of them fall and are swept over the great boiling abyss;
where the demands of trade sacrifice hundreds of lads in
a business that ignores all Christian duties toward them
in the way of education and moral training and personal
affection? Would Jesus, if He were here today as a part
of our age and commercial industry, feel nothing, do nothing,
say nothing, in the face of these facts which every business
would Jesus do? Is not that what the disciple ought to do?
Is he not commanded to follow in His steps? How much is
the Christianity of the age suffering for Him? Is it denying
itself at the cost of ease, comfort, luxury, elegance of
living? What does the age need more than personal sacrifice?
Does the church do its duty in following Jesus when it gives
a little money to establish missions or relieve extreme
cases of want? Is it any sacrifice for a man who is worth
ten million dollars simply to give ten thousand dollars
for some benevolent work? Is he not giving something that
cost him practically nothing so far as any personal suffering
goes? Is it true that the Christian disciples today in most
of our churches are living soft, easy, selfish lives, very
far from any sacrifice that can be called sacrifice? What
would Jesus do?
is the personal element that Christian discipleship needs
to emphasize. 'The gift without the giver is bare.' The
Christianity that attempts to suffer by proxy is not the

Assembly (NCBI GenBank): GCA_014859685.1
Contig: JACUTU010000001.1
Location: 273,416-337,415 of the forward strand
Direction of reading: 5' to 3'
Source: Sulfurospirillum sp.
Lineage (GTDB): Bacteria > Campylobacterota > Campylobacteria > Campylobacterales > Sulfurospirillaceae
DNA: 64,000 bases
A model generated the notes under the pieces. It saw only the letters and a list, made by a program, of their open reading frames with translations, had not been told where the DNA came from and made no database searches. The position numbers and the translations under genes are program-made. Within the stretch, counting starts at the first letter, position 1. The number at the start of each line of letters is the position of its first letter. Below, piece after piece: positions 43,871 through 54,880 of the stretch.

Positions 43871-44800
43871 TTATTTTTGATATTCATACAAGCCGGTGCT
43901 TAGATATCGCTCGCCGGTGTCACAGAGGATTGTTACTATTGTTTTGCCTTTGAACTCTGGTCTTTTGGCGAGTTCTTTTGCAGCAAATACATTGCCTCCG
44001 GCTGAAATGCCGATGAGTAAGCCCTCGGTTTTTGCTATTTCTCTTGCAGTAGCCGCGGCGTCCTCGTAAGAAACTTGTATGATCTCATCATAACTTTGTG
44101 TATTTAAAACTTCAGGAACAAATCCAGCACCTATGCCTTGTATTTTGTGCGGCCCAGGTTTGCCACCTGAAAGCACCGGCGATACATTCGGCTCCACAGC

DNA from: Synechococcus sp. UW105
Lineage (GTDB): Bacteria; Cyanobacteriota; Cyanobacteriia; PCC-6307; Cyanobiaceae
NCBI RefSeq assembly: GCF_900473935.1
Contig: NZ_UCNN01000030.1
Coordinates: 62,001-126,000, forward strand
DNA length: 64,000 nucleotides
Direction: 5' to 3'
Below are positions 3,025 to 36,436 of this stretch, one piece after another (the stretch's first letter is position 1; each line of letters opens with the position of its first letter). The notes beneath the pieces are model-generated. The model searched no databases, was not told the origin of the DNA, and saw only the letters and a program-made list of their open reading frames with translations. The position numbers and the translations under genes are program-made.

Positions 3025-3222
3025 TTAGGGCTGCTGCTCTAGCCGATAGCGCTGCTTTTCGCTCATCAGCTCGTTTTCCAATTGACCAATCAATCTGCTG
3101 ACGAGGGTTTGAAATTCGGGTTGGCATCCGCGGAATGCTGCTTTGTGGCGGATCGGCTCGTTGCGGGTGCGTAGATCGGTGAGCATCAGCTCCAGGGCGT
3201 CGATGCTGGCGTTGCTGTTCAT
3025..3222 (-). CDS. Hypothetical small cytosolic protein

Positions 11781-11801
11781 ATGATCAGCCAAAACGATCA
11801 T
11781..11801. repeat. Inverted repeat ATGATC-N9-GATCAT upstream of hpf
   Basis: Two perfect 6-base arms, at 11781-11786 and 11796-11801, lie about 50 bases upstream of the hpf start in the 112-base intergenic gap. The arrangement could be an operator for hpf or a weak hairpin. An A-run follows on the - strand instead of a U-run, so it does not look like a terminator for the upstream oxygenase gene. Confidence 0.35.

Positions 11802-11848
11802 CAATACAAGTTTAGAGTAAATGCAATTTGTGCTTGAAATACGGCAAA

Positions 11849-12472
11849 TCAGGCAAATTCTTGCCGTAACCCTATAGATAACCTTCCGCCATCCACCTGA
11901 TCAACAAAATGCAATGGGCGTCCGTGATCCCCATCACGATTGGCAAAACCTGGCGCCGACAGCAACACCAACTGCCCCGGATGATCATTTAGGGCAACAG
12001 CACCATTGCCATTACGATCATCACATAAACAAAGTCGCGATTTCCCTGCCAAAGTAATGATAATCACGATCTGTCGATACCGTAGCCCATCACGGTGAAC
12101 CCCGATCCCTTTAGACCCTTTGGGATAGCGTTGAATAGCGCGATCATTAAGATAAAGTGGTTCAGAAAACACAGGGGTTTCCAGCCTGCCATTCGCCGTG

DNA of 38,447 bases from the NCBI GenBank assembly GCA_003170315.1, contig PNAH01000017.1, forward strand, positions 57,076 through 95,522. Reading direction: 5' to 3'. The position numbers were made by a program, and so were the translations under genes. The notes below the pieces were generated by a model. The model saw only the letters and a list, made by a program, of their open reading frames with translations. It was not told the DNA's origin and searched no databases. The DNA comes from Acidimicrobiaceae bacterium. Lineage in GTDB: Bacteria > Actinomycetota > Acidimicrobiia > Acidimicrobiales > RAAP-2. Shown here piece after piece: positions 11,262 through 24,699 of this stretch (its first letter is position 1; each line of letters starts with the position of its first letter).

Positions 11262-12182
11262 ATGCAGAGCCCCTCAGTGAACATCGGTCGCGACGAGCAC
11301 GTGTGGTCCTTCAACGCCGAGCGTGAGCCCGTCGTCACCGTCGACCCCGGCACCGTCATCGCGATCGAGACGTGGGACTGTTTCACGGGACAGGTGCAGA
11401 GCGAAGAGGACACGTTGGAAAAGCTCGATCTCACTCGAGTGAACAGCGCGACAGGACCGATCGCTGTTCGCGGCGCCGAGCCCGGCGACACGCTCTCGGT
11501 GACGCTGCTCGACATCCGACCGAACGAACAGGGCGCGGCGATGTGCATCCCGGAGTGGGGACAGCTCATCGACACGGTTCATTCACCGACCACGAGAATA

Christianity of Christ. Each individual Christian business
man, citizen, needs to follow in His steps along the path
of personal sacrifice to Him. There is not a different path
today from that of Jesus' own times. It is the same path.
The call of this dying century and of the new one soon to
be, is a call for a new discipleship, a new following of
Jesus, more like the early, simple, apostolic Christianity,
when the disciples left all and literally followed the Master.
Nothing but a discipleship of this kind can face the destructive
selfishness of the age with any hope of overcoming it. There
is a great quantity of nominal Christianity today. There
is need of more of the real kind. We need revival of the
Christianity of Christ. We have, unconsciously, lazily,
selfishly, formally grown into a discipleship that Jesus
himself would not acknowledge. He would say to many of us
when we cry, 'Lord, Lord,' 'I never knew you!' Are we ready
to take up the cross? Is it possible for this church to
sing with exact truth,